Corneal dystrophy

Medical quality assurance by Dr. Albrecht Nonnenmacher, MD at August 3, 2016
StartDiseasesCorneal dystrophy

Corneal dystrophy is a group of rare and degenerative eye disorders. They are known for causing foreign material to accumulate inside of the cornea and cause chronic vision loss. There are more than twenty different types of corneal dystrophy and the effects of these disorders largely depend upon the type of dystrophy.


Definition & Facts

In order for a disorder to be labeled under the category of corneal dystrophy, it must be hereditary, degenerative, and cause material to accumulate in the cornea. There is currently an international system to categorize these different types of dystrophies. Some of the most common disorders include:

While there are many different corneal dystrophies, they all have several features in common. Corneal dystrophies affect both eyes, worsen with time and do not affect other parts of the body. These disorders pass on due to dominant genes and recessive genes.

Symptoms & Complaints

The symptoms of corneal dystrophy vary wildly based upon the type of disorder that one inherits. While some dystrophies show few to little symptoms, others can worsen to severe and debilitating symptoms. When corneal dystrophy gets to its later stages, the buildup of material in the cornea often causes blurred vision and even blindness.

This corneal degeneration can be easily seen by looking at the eyes of someone suffering from corneal dystrophy. Often, their eyes will turn white and glassy to reflect their loss of vision. Patients with corneal dystrophy will also often experience corneal erosion, which results in the outermost layer of the cornea being unable to connect to the next layer of the cornea.

Corneal erosion is typically accompanied by mild to severe pain in the eye, light sensitivity, and eye irritation. For those suffering from corneal dystrophy, symptoms can begin at any point in their lives. Many genetic carriers go their entire lives without showing symptoms. However, once the first symptom appears, it is only a matter of time until the condition of the eye deteriorates.


All corneal dystrophies are genetic disorders, but the ways that they are passed on can vary. Certain disorders are passed on from dominant traits, which means that only one parent needs to be a carrier to pass the disorder onto the child. The disorders that spread as recessive traits are less common because they require both parents to be carriers in order to pass on the trait.

In many cases of corneal dystrophy, the only solid information about the cause is an issue in the genes. More is known about the effects of the disease than the causes. The degeneration can be caused by different factors, but all of them are centered around buildup in the cornea and other issues that prevent the cornea from functioning properly. This material then makes it difficult to impossible for the individual to see.

Diagnosis & Tests

When an optometrist or ophthalmologist suspects corneal dystrophy in a patient, the first thing that they do is ask about the patient's family history of eye disorders. In all likelihood, someone with a corneal disorder will have a history of it in their family.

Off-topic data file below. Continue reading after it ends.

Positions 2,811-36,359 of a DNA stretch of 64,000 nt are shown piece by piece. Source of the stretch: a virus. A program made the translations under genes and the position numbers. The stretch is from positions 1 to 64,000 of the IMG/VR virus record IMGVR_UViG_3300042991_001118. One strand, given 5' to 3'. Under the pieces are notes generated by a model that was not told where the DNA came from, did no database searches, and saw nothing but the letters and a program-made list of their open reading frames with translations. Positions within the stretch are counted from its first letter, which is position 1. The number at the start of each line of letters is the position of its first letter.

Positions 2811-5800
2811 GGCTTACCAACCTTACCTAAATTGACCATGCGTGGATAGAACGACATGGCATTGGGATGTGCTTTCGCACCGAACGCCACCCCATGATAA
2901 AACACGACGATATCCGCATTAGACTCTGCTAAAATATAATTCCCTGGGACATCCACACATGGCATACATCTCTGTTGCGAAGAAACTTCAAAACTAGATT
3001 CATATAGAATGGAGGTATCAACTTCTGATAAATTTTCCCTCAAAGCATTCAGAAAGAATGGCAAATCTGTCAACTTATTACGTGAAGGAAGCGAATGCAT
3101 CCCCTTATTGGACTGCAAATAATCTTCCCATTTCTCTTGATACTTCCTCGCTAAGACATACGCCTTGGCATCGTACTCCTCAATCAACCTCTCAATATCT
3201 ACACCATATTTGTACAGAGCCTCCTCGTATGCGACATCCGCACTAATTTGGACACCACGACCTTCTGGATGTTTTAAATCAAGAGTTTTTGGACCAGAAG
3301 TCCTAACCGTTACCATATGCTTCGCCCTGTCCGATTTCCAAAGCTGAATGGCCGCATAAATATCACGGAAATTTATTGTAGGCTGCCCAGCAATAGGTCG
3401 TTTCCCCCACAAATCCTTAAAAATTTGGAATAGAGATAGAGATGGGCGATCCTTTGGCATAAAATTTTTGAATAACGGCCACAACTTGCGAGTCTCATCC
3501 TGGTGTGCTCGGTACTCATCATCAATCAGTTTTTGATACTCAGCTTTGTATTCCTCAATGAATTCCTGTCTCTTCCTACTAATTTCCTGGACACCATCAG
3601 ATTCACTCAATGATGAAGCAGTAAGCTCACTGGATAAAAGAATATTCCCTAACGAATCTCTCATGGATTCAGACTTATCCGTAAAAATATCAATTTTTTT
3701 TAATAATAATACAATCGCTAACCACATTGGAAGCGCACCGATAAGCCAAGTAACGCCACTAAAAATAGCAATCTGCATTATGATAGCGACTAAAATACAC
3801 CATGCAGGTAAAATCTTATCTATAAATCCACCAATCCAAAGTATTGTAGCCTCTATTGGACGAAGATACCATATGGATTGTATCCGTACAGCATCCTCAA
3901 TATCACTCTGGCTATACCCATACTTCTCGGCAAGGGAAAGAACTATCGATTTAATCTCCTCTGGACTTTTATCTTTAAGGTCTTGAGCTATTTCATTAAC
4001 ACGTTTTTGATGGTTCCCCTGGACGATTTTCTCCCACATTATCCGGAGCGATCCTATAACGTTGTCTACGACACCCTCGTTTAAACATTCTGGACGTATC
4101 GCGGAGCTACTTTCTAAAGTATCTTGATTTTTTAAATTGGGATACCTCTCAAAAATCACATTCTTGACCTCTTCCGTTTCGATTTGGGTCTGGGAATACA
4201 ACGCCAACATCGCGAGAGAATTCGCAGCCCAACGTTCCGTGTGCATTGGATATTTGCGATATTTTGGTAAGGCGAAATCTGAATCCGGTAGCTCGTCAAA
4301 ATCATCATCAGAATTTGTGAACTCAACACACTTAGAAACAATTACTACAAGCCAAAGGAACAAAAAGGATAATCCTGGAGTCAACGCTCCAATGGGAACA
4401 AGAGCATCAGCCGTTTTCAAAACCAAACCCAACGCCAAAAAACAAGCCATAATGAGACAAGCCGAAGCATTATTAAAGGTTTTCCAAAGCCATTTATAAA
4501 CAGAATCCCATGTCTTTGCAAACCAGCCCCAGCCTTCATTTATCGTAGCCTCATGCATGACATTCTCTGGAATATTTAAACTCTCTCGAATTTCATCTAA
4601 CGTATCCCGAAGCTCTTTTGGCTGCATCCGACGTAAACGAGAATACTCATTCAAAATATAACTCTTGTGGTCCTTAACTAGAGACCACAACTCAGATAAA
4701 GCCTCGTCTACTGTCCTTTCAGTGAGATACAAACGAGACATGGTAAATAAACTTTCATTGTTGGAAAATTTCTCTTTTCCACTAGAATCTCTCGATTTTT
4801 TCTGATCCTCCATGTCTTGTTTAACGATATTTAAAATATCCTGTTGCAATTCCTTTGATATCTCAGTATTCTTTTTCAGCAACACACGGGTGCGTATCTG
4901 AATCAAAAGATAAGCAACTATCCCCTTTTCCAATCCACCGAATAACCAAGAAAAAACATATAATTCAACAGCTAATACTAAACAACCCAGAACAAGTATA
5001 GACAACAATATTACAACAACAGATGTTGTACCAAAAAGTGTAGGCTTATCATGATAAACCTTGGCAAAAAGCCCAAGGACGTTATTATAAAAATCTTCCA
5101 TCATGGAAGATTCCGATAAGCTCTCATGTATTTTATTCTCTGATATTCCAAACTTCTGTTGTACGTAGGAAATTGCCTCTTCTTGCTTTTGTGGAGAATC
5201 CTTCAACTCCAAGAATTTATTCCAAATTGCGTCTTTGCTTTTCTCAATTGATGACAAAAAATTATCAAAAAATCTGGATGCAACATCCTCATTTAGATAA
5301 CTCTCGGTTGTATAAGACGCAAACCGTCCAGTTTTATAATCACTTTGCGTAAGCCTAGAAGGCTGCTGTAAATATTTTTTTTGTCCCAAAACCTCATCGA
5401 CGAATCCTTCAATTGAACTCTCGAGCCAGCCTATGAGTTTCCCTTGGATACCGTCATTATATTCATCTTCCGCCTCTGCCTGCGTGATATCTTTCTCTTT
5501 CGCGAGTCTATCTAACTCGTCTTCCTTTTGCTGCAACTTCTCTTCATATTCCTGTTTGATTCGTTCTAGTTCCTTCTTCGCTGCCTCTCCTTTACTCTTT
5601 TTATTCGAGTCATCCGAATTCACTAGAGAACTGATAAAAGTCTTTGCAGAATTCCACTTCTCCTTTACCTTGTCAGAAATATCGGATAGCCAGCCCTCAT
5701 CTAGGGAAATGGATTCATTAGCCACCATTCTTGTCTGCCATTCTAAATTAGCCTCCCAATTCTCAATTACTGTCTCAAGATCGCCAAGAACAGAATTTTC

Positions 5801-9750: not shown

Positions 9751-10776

Beyond that, the practitioner will then conduct a slit-lamp examination, using a special kind of lamp to look at the eye. This lamp creates a thin line of light that allows them to see directly into the front portion of the eye. From there, they can closely examine any corneal irregularities in the eye and determine if the cause is corneal dystrophy.

If a patient is suffering from corneal dystrophy, it is usually obvious to see the foreign material that has built up in their corneas. It is also possible to find evidence of corneal dystrophy through genetic testing as genetic mutations cause these disorders. Many people have also had their corneal dystrophies discovered during routine eye examinations in which their eye care practitioner noticed the early signs of degenerative disease.

Treatment & Therapy

Treatment of corneal dystrophy largely depends upon the type of disorder that the patient is suffering from. If there are no symptoms but the disorder has been confirmed through genetic testing, then the practitioner will closely monitor the patient for future symptoms.

If symptoms have been displayed, there are several different treatment varieties depending upon the condition. Corneal erosion is treated through repeated rounds of antibiotics, moisturizing eye drops, and soft bandage lenses that are designed to protect the cornea. Many cases require continued laser surgery and even corneal scraping to remove foreign material.

In the most severe cases of corneal dystrophy, the patient may require a cornea transplant. The damaged cornea is surgically removed and the new, healthy cornea is put in place.

In cases where a disorder affects the deepest part of the cornea, a partial transplant may be used instead. While they are largely used only as a last resort, corneal transplants have proven quite successful with patients that have partially lost their vision due to corneal degeneration.

Prevention & Prophylaxis

There are currently no known ways to prevent corneal dystrophy in someone with a genetic predisposition to the disorders. The most recommended method to keep optimal eye health is to regularly schedule eye appointments to monitor symptoms.

This allows the patient to receive treatments before loss of vision has a chance to occur. While there is no way to prevent these disorders, early and thorough treatments can do much to slow their progression.